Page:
Could the NBA Really Consider Realigning Conferences?

Full disclosure: This is an idea floated by Dallas Mavericks owner Mark Cuban. Cubes says a lot of stuff, some of it more facetious than others, but he’s always had a knack for getting people to talk about things. This new piece of brain food is definitely Cuban-esque, which is to say that it’s a little far-fetched without being impossible. In case you missed it, the Dallas owner recently popped off an idea at reporters regarding realigning the NBA — moving the Spurs, Rockets, Pelicans, and, yes, Mavericks to the Eastern Conference, in exchange for the Pistons, Bucks, Bulls, and Pacers. For those of you who are up on your divisions, it’s almost a straight trade: the Southwest (save Memphis) for the Central (save Cleveland).

That this swap would benefit Dallas is obvious, but not quite as blatantly as you might think. The Southwest is comprised of the five best teams in the NBA right now, and moving four of them wholesale into the Eastern Conference would certainly shake things up, but not necessarily in favor of the Mavericks, although their current record would move them into the third seed in the East as of this writing (they’re currently the sixth seed in the West). As Cuban pointed out, Cleveland and Washington would still be there, and he didn’t mention the conference-leading Toronto Raptors, who have only lost two games.

What it would do, at least on paper, is alleviate if not entirely eliminate the perception of the “Leastern” Conference among fans, players, and pundits. While Milwaukee has been a bit of a surprise this season, in that the team is above .500 and has one of the league’s best defenses, the swap is moving three proven playoff teams, plus the Pelicans, into the East while shipping three teams who are likely to miss the postseason, plus Chicago, to the West. Let’s examine how the playoff seedings would’ve looked had the league made the swap this time last year, keeping records the same for ease of comparison.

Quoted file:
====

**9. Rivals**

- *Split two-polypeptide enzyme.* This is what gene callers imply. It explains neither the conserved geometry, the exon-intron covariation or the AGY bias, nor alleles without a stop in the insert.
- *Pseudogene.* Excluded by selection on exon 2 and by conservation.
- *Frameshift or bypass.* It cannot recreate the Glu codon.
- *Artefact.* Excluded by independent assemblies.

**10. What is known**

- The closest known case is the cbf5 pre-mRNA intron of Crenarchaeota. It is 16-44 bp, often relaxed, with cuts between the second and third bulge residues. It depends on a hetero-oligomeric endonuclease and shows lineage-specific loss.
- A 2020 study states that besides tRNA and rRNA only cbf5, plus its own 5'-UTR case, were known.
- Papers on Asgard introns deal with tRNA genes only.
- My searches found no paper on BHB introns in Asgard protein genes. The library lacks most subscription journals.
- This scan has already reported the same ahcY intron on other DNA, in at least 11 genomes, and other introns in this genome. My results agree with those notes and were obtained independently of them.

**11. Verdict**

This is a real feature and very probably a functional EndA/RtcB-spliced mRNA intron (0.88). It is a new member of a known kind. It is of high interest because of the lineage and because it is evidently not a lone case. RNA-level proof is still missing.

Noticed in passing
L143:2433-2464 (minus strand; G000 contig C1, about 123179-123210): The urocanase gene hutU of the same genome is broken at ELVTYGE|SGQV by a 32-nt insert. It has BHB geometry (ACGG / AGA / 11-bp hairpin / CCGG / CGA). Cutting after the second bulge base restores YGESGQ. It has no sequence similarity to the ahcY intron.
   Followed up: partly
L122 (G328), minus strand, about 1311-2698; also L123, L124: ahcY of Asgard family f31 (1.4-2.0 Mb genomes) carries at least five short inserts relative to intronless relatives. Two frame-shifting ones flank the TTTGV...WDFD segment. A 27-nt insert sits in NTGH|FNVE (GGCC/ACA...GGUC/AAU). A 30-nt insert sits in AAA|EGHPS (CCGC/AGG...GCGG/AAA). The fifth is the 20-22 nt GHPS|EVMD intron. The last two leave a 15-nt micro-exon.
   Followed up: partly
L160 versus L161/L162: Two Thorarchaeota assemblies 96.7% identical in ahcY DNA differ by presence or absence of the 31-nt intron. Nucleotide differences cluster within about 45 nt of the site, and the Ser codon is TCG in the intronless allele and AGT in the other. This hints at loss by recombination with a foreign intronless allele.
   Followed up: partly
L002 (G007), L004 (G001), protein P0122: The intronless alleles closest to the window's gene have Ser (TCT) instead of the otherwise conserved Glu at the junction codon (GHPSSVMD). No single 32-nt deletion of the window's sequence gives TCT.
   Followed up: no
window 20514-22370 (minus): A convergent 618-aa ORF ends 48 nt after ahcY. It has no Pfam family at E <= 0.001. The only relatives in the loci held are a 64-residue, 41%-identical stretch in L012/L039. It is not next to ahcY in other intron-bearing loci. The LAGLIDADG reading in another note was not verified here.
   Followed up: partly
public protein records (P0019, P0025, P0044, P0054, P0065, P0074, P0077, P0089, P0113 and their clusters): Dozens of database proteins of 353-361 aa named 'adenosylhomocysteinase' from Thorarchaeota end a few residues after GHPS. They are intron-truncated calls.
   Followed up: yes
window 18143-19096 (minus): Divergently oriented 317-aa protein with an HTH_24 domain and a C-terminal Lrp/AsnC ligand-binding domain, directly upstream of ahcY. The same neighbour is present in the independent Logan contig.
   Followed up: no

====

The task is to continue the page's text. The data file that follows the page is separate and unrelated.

In the East, playoff seedings one through eight would have looked like this under the new alignment: San Antonio, Houston/Miami (both finished with 54 wins), Dallas, Toronto, Brooklyn/Washington, and Charlotte. The worst playoff team in the East would’ve finished with 43 wins, rather than 38.

In the West, we would’ve seen Oklahoma as the top seed, followed by the Clippers, Pacers, Trail Blazers, Golden State Warriors, Grizzlies, Bulls, and Suns, who would’ve tied with 48 wins, right around the typical 50-win benchmark it takes to be in the postseason in the Western Conference. For all intents and purposes, the switch would raise the playoff entry in the East by about five wins, so that the teams would have won more than half of their games. That’s a good thing, because it has always felt weird that teams below .500 can make it into the playoffs in the Eastern Conference.

On the other hand, this doesn’t really do much to allay Cuban’s claims that the swap would be “reducing competition.” Dallas would’ve gone from the edge of the playoffs to a very comfortable third seed, something we’re sure the Mavericks owner knows all too well. Bringing in the third hand, though, and we’re not convinced that this isn’t a good idea, despite how unrealistic it feels for the league right now.